Congressional Update – Week Ending September 1, 2017

I. Congress

This was the final week of Congress’ August recess. Both the Senate and House of Representatives will return for legislative business on September 5 and lawmakers face a daunting schedule for the month. In addition to the unenviable tasks of passing federal spending bills and raising the United States’ debt ceiling, Congress members will also have to decide whether or not to provide funding for relief efforts in Texas and Louisiana after both states were hit hard by Tropical Storm Harvey.

While foreign affairs will take a backseat to Congress’ appropriation efforts, there are some key pieces of legislation that will likely be considered in the coming months. Before the end of the year, Congress must decide if it will reauthorize the Foreign Intelligence Surveillance Act (FISA) Amendments Act of 2008. This legislation authorizes the US National Security Agency (NSA) to undertake electronic surveillance of foreigners outside US borders (e.g., in the Middle East). Foreign policy staffers on both sides of Capitol Hill have suggested that lawmakers may also consider interesting pieces of legislation like the Taylor Force Act and the Palestinian International Terrorism Support Prevention Act of 2017. In addition, more and more members of Congress have become vocal about the need to authorize the use of military force (AUMF)—particularly in Syria—so legislation to that end may be considered. The Trump Administration denies that a new AUMF is necessary to conduct its anti-Islamic State (IS) campaign, setting the stage for a potential clash over war powers between the legislative and executive branches.

Senator Robert Menendez Stands Trial. One of the Senate’s most stalwart supporters of Israel and vociferous critics of Iran will stand trial next week. Senator Robert Menendez (D-New Jersey) has been accused of allegedly taking part in a years-long bribery scheme. If convicted, the former chairman and ranking member of the Senate Foreign Relations Committee (SFRC) could face jail time and lose his Senate seat.

II. Executive Branch

1) The White House

President Trump Speaks with King Salman. On August 30, President Donald Trump spoke by telephone with King Salman bin Abdulaziz of Saudi Arabia. According to the White House’s account of the call, the two spoke generally about the need to combat terrorism and extremism, as well as the overarching threat from Iran. Trump also reportedly urged the king to find a political solution to the ongoing Gulf Cooperation Council (GCC) rift between a Saudi-led bloc of states and Qatar. If true, it appears that President Trump has backed down from statements he made after the conflict broke out and is now in line with the more diplomatic approach of Secretaries of State Rex Tillerson and Defense James Mattis.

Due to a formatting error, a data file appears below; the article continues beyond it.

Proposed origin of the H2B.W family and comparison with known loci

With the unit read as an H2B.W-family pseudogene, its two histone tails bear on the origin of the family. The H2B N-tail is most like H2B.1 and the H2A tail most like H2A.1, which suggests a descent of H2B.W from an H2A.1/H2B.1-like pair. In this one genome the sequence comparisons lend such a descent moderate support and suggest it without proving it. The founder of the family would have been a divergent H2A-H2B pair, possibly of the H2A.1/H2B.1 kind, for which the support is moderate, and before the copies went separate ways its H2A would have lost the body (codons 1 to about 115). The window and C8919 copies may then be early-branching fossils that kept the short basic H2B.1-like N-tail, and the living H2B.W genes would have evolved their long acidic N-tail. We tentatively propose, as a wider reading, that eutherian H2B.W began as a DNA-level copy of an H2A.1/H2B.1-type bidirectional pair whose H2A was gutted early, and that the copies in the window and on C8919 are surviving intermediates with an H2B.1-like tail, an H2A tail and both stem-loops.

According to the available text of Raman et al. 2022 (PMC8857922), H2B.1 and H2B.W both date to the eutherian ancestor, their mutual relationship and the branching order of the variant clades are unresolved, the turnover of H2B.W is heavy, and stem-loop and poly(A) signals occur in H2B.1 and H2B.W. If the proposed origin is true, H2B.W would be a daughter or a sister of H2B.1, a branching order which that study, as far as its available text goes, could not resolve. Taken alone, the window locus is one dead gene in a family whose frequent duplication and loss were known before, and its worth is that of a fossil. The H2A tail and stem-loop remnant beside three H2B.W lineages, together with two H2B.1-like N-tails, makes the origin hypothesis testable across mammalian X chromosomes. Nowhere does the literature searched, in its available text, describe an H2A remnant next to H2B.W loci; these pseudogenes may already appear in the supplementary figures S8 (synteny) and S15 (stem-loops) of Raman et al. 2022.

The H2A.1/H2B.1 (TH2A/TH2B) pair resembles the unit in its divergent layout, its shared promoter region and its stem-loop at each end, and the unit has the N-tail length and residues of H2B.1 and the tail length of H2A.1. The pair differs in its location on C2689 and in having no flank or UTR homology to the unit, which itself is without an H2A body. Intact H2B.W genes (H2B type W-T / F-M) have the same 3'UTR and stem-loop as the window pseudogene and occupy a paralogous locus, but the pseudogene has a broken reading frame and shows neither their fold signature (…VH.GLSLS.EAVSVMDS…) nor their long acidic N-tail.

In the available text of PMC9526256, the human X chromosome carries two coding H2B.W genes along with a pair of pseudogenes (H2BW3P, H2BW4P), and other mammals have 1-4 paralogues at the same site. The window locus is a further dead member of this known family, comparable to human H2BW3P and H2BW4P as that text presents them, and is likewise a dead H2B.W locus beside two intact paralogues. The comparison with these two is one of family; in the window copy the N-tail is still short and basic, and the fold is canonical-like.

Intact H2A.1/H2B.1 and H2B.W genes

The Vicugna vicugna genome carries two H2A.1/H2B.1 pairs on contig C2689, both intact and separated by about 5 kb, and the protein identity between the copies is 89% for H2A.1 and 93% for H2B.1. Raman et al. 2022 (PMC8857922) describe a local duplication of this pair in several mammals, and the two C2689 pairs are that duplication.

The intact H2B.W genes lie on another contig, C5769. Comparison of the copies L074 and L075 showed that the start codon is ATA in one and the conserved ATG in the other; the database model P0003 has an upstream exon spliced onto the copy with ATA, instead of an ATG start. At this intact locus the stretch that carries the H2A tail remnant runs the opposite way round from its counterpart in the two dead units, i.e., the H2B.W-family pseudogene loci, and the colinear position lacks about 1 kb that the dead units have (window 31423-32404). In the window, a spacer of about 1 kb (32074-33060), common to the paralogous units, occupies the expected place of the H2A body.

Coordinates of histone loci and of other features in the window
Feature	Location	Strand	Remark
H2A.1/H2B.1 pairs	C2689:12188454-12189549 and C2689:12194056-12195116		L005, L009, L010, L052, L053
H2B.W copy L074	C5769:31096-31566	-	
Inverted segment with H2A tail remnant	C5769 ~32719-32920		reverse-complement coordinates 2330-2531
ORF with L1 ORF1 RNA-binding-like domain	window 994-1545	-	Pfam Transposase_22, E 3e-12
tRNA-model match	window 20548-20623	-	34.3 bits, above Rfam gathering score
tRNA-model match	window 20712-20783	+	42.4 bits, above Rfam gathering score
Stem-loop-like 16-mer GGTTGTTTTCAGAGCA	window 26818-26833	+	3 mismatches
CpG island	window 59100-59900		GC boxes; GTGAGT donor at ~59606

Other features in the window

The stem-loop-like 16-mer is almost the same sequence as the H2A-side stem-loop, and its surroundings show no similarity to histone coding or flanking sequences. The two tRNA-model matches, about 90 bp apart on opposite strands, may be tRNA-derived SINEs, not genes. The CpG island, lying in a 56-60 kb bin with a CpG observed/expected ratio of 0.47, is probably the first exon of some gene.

Trump will likely have a similar conversation with the Emir of Kuwait during a meeting scheduled for September 7 in Washington.

2) Department of State

State Department Reorganization. This week, Secretary of State Rex Tillerson penned a letter to SFRC Chairman Bob Corker (R-Tennessee), outlining his plan to cut a number of special envoy positions in an effort to reorganize the State Department. According to the secretary’s proposal, 36 of the 66 special envoy or representative positions will be eliminated completely or consolidated with other department bureaus. Among those positions, several directly relate to projects and outreach efforts in the Middle East. For example, Tillerson proposes assigning the Ambassador-at-Large for International Religious Freedom to undertake tasks traditionally handled by the Special Adviser for Religious Minorities in the Near East, the Special Representative to Muslim Communities, and the Special Envoy to the Organization of Islamic Cooperation. Similarly, the Bureau for Near East Affairs will absorb the responsibilities currently delegated to the Special Coordinator for Libya and the Special Envoy for Syria.

The proposed changes are a clear indication of the Trump Administration’s foreign policy priorities. Tillerson prefers a slimmed-down State Department and expects to cut down on wasteful or redundant spending. But critics argue that he is setting his department up for failure by delegating even more tasks to bureaus that are understaffed and facing steep budget cuts.

3) Department of Defense